David Todd [00:04:48] Well you mention Mr. Saladino. Were there other adults that encouraged this or inspired this in you, or, do you think you’re more sort of self-taught and, you know, these explorations about ducks and fish and crawdads and so on, were sort of on your own time?


Matt Lechner [00:05:11] Well, I can think of Mr. Petrowski. He used to make burgoo, which they’d have a big old part of burgoo, and it was basically squirrel and rabbit and ‘coon and anything you could catch.


Matt Lechner [00:05:27] But for the most part, we spent a lot of time outside. Did a little bit of fishing. And it was part of that culture, you know. People raising their own food or hunting.


Matt Lechner [00:05:46] So, really I didn’t make any decisions until, oh, probably after my first two years of college as far as what my career path would be.


Matt Lechner [00:05:59] But childhood was certainly foundational.


David Todd [00:06:03] Right. So, would you be able to recall any books or movies, maybe TV shows, radio shows, anything like that, that was kind of out in the public media, that you enjoyed and might have found influential in what you ended up doing with your life?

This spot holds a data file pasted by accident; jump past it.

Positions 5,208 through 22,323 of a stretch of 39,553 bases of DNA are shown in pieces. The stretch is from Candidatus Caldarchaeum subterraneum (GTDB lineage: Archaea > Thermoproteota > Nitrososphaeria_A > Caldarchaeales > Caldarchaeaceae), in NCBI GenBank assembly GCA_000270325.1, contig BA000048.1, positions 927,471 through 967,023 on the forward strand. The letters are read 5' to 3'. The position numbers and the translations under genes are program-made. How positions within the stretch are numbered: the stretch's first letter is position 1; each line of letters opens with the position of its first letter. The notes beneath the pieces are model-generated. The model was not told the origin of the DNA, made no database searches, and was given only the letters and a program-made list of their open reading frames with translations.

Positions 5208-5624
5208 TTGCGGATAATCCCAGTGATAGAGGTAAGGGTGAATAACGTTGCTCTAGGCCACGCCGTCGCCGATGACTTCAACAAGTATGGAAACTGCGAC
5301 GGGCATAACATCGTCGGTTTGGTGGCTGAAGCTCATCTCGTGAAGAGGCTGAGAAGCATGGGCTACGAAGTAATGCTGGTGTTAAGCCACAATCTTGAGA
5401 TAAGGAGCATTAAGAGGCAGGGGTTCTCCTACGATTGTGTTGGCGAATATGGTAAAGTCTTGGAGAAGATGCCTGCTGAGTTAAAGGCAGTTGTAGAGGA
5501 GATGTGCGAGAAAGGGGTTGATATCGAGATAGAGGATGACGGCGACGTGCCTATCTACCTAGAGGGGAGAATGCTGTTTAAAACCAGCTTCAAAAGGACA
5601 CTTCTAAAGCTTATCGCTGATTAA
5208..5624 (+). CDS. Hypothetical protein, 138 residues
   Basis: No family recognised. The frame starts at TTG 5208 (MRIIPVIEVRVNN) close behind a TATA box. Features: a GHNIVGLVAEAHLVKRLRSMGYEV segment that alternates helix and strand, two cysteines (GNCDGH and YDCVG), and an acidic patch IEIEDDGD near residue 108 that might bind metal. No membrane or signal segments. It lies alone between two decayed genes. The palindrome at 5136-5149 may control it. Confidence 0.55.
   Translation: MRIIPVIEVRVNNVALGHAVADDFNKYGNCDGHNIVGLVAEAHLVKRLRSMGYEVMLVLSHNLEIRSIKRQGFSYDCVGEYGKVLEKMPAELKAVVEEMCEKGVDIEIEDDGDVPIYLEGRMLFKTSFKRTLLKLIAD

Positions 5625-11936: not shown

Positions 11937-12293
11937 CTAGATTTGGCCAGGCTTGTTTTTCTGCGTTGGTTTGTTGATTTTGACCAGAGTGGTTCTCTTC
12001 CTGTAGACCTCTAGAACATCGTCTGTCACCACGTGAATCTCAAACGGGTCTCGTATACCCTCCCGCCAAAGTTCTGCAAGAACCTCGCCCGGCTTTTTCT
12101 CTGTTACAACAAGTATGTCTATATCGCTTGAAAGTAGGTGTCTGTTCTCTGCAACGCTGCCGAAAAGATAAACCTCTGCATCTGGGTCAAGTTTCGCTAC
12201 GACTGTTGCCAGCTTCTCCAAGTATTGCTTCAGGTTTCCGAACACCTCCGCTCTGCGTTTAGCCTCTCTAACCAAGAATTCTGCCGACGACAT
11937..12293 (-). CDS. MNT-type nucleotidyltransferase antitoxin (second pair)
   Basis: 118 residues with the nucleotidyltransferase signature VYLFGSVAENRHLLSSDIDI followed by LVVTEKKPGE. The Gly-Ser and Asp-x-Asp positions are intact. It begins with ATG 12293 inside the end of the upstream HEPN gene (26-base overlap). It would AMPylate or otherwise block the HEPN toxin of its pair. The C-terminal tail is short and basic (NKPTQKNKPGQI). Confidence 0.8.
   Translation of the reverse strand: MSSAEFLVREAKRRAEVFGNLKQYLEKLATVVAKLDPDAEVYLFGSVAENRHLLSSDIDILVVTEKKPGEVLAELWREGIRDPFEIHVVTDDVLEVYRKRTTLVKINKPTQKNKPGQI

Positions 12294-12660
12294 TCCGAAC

Matt Lechner [00:06:28] Well, when I think back to those things, I don’t know that I could point. Certainly, Mutual of Omaha’s Wild Kingdom was a Sunday night ritual when I was a kid back in the ’60s and early ’70s. National Geographic was great. Later, I read the book Sand County Almanac. And that, Aldo Leopold wrote that book, and he was a Forest Service employee for a while, and then, a professor up at UW-Madison.


Matt Lechner [00:07:07] And my favorite quote from that book is one that kind of stuck with me. I always did my work in endangered species or, focused on threatened or endangered species. And his quote was, “Mankind stands guard over works of art that are but a few hundred years old. Yet we let species that have taken eons to evolve disappear from underneath our noses.”